Judging by the sour glance she threw on me as she said this, I concluded that I represented those ‘late changes’ to which all the sorrows of the house were referred.
I felt unhappy under the ill-will even of this odious old woman, being one of those unhappily constructed mortals who cannot be indifferent when they reasonably ought, and always yearn after kindness, even that of the worthless.
‘I must go. I wish you’d come wi’ me, Maud, I’m so afraid all alone,’ said Milly, imploringly.
‘Certainly, Milly,’ I answered, not liking it, you may be sure; ’you shan’t sit there alone.’
So together we went, old Wyat cautioning us for our lives to make no noise.
We passed through the old man’s sitting-room, where that day had occurred his brief but momentous interview with me, and his parting with his only son, and entered the bed-room at the farther end.
A low fire burned in the grate. The room was in a sort of twilight. A dim lamp near the foot of the bed at the farther side was the only light burning there. Old Wyat whispered an injunction not to speak above our breaths, nor to leave the fireside unless the sick man called or showed signs of weariness. These were the directions of the doctor, who had been there.
So Milly and I sat ourselves down near the hearth, and old Wyat left us to our resources. We could hear the patient breathe; but he was quite still. In whispers we talked; but our conversation flagged. I was, after my wont, upbraiding myself for the suffering I had inflicted. After about half an hour’s desultory whispering, and intervals, growing longer and longer, of silence, it was plain that Milly was falling asleep.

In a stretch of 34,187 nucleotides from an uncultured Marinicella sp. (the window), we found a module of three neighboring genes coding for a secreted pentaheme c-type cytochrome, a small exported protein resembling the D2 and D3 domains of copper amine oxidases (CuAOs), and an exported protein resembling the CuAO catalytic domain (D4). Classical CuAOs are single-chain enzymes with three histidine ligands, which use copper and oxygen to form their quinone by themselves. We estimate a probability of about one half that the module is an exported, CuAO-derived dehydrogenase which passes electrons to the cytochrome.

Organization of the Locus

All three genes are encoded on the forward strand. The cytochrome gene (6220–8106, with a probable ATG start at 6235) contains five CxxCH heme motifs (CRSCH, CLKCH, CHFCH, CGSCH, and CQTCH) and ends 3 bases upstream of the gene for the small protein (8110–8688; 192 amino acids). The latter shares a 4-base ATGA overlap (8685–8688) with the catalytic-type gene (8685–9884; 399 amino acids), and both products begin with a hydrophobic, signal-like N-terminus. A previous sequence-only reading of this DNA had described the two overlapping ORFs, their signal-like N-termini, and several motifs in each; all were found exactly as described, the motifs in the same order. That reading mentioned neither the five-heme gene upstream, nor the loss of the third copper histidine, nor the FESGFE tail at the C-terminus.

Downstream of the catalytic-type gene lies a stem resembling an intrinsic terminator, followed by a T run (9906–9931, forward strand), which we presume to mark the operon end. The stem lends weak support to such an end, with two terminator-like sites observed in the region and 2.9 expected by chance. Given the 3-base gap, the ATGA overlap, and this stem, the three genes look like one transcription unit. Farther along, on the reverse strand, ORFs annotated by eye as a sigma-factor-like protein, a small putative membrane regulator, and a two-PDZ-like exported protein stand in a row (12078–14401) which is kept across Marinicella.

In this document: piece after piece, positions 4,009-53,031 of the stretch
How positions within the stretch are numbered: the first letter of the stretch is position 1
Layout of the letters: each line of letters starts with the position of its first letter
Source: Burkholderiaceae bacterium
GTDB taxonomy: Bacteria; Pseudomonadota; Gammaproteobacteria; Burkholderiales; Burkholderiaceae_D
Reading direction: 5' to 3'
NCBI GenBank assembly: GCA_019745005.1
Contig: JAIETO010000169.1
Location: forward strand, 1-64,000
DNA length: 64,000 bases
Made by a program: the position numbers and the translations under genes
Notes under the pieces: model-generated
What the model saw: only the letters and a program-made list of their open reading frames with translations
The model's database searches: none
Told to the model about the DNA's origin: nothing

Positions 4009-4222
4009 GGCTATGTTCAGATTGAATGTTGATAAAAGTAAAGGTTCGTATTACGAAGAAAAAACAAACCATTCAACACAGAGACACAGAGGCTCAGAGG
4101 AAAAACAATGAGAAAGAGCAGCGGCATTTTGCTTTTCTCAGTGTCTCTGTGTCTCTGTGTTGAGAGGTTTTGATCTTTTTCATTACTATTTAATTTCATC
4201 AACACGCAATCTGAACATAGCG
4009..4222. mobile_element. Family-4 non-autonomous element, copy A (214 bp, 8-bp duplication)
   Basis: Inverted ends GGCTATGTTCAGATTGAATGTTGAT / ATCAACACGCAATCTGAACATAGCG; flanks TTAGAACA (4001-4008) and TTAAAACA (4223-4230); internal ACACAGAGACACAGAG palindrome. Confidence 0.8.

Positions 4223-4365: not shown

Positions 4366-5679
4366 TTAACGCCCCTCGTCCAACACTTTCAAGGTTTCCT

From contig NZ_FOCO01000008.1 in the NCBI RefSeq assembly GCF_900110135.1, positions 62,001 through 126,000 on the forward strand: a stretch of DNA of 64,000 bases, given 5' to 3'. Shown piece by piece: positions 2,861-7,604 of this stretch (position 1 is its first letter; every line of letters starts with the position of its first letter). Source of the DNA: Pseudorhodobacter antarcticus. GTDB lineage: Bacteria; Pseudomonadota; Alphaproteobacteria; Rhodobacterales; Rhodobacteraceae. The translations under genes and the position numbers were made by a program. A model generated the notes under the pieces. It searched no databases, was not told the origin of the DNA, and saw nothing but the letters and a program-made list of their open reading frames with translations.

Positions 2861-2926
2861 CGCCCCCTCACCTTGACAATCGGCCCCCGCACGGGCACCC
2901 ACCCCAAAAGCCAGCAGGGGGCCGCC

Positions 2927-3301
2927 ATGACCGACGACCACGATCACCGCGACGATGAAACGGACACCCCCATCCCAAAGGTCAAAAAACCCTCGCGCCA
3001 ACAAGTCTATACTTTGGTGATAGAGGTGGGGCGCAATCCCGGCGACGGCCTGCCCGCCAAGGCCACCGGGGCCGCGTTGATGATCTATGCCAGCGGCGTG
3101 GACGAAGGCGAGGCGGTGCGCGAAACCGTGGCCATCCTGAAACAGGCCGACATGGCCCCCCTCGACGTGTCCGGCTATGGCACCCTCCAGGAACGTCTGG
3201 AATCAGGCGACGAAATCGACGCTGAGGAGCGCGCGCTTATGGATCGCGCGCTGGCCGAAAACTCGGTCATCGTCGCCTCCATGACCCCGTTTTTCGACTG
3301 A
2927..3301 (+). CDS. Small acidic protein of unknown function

She strove against it, and I tried hard to keep her talking; but it would not do—sleep overcame her; and I was the only person in that ghastly room in a state of perfect consciousness.
There were associations connected with my last vigil there to make my situation very nervous and disagreeable. Had I not had so much to occupy my mind of a distinctly practical kind—Dudley’s audacious suit, my uncle’s questionable toleration of it, and my own conduct throughout that most disagreeable period of my existence,—I should have felt my present situation a great deal more.
As it was, I thought of my real troubles, and something of Cousin Knollys, and, I confess, a good deal of Lord Ilbury. When looking towards the door, I thought I saw a human face, about the most terrible my fancy could have called up, looking fixedly into the room. It was only a ‘three-quarter,’ and not the whole figure—the door hid that in a great measure, and I fancied I saw, too, a portion of the fingers. The face gazed toward the bed, and in the imperfect light looked like a livid mask, with chalky eyes.
I had so often been startled by similar apparitions formed by accidental lights and shadows disguising homely objects, that I stooped forward, expecting, though tremulously, to see this tremendous one in like manner dissolve itself into its harmless elements; and now, to my unspeakable terror, I became perfectly certain that I saw the countenance of Madame de la Rougierre.